Omega-3s are a family of essential fatty acids that the body cannot synthesize on its own. The three types of omega-3 fatty acids are:
- Alpha linolenic acid(ALA).
- Eicosapentaenoic acid(EPA).
- Docosahexaenoic acid(DHA).
EPA and DHA have been shown to provide foundational support for body cells while boosting their function. They also improve the fluidity of cell membranes enabling cells to be more responsive to their environment. This has a generally positive effect on the body as it functions best when it can effectively respond to its environment. Omega-3s are essential for cell health and can prevent heart disease, stroke, cancer, arthritis, and degenerative neurological conditions. Studies have also shown that omega-3s can lower blood triglycerides and inflammatory markers.
Fish oil is a good source of omega-3 fatty acids that is rich in DHA and EPA. These are long-chain polyunsaturated fatty acids that are significantly beneficial for cell health. They can help maintain a healthy inflammatory response and boost mental, prenatal, and neonatal health.
Chia seed oil is a plant-based source of omega-3 fatty acids that is rich in ALA, a shorter chain polyunsaturated fatty acid, and the major type of omega-3 in plants. It does not have any DHA or EPA. The body is able to convert ALA into long-chained polyunsaturated fatty acids, DHA and EPA. However, the conversion rate of ALA to EPA and DHA is significantly low at about 5% for EPA and 0.5% for DHA. Some of the factors which influence this conversion rate include:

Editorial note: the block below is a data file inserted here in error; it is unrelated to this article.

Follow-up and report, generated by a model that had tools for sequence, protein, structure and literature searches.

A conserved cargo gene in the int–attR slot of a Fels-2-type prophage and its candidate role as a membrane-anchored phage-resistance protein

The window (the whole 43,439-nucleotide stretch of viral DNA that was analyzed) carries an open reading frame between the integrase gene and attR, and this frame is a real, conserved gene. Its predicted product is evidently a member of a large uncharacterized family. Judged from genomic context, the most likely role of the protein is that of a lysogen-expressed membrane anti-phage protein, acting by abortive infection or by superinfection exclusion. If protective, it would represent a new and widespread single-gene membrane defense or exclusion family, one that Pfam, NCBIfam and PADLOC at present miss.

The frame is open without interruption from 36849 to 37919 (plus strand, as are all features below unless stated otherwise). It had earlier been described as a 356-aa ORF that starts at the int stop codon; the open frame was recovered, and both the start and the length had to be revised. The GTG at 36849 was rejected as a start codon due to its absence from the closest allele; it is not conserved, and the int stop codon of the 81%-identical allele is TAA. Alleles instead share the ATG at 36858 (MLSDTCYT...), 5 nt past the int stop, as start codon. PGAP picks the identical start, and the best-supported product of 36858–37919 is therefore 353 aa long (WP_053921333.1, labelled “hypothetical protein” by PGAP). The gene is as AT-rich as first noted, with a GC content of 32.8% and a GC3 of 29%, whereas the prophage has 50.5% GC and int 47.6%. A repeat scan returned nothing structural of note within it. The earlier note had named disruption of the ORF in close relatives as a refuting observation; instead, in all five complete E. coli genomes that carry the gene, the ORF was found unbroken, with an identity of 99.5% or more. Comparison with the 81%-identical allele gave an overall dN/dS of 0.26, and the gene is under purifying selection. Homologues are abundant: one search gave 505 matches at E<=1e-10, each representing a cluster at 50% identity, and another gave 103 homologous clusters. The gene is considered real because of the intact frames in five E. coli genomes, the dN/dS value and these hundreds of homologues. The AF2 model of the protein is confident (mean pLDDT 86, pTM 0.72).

- Omega-6 fatty acids – excessive levels of omega-6 inhibit the enzymes which convert ALA to EPA.
- Vitamins and minerals deficiency – low levels of vitamins that promote the conversion such as vitamin B6 and zinc can slow down the process.
- Genes – individual genetic make-up can reduce the activity of D6D, a desaturase enzyme, which in turn slows down the conversion of ALA to EPA and DHA.
- Age – babies have a limited ability to synthesize EPA and DHA.
- Underlying conditions – people with diabetes or hypertension also have a limited ability to synthesize EPA and DHA from ALA.
ALA in chia seed oil has to be converted to EPA or DHA for it to exert the same biological effect. Since this conversion has been shown to be insignificant, ALA may be more readily oxidized than incorporated into tissues. The impact of taking ALA rich chia seed oil is less evident than the effect of EPA and DHA rich oils such as fish oil. ALA in chia seed oil is however, a great source of omega-3 fatty acids for vegetarians.
Several studies have provided a significant amounts of evidence showing the general health benefits of EPA and DHA in fish oil. On the other hand, much less evidence exits showing the positive effect of ALA. While chia seed oil has several health benefits and is full of nutrients such as magnesium, it is not an efficient source of EPA and DHA. The most reliable source of EPA and DHA beneficial for medical conditions such as high triglycerides, arthritis, allergies, depression or autoimmune conditions is fish oil.